Running Head: ELEMENTS OF A CONTRACT
Elements of a Contract
BUS 670 Legal Environments
ELEMENTS OF A CONTRACT
Introduction: Elements of a Contract
One or more than one promise that can be imposed legally is called a contract. The kinds
of contracts are: unilateral contract, bilateral contract, valid, unenforceable, and void contracts,
express and implied contracts. A contract which involves a promise from a single party is known
as unilateral promise (Mallor, Barnes, Bowers & Langvardt, 2010). For instance, when a gas
station gives you a card, a stamp is put on it when a fountain drink is purchased and when ten are
purchased, one is given away for free. In this case, it is the gas station who has promised. A
bilateral contact on the other hand involves the promise from both the parties. The contract is
created when both the parties have made their promises (Mallor, Barnes, Bowers & Langvardt,
2010). If an individual has promised to bake 100 cakes for a bakery and the bakery has promised
a salary of $600 monthly, it will be called a bilateral contract.
The economy is structured on the freedom to draw up a contract with a system of laws
that can be enforced. Contracts that are freely entered into are not always read carefully by the
signer. The signer may not be aware of the elements required to make the contract enforceable.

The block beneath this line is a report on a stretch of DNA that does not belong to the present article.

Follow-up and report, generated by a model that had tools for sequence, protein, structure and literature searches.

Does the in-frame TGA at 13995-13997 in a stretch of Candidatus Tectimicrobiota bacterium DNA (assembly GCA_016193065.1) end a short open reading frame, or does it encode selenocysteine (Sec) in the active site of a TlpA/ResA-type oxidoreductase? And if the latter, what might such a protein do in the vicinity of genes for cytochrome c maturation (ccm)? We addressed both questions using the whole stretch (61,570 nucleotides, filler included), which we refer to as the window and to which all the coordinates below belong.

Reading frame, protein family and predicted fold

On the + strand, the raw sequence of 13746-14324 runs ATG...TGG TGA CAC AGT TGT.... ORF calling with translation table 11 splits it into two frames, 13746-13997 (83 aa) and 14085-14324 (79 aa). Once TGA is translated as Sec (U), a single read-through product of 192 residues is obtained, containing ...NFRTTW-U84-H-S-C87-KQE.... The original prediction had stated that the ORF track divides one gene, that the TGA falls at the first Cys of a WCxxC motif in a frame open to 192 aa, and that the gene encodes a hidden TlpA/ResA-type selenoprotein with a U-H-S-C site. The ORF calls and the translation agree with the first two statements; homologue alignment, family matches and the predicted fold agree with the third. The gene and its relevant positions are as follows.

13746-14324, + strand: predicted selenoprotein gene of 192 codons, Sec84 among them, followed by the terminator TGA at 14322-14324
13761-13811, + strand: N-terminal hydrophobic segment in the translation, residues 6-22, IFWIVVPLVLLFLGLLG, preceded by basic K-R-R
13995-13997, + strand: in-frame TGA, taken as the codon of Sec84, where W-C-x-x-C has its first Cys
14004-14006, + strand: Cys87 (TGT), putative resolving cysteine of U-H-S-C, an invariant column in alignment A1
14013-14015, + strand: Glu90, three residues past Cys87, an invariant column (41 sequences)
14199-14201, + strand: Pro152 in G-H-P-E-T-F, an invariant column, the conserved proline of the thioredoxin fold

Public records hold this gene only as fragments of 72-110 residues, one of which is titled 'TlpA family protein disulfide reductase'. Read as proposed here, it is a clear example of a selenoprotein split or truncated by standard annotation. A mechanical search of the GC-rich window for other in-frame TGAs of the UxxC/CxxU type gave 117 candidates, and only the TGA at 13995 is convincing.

For example if the Fabulous Hotel hires you as head chef under a two year employment contract.
If you don’t read the contract carefully then you will not know that in the small print it says “The
below signed agrees not to work as a chef for another hotel in the same metropolitan area for a
period of two years after leaving our employer”. Therefore, you can’t work for another hotel in
the same metropolitan area for two years there are several items that makes this contract
enforceable (Sea Quist, G. and Coulter, K, 2012) The elements of a contract must include the
initial offer to name a few. An offer needs to have these three constituents: present intent to
contract, definiteness and the offer has to be conveyed to the offered. Present intent to contract
refers to the seriousness of the contract; if it is accepted both the parties will be part of a contract
(Mallor, Barnes, Bowers & Langvardt, 2010). This means that the acceptance of the offer must
be with the target of forming a contract.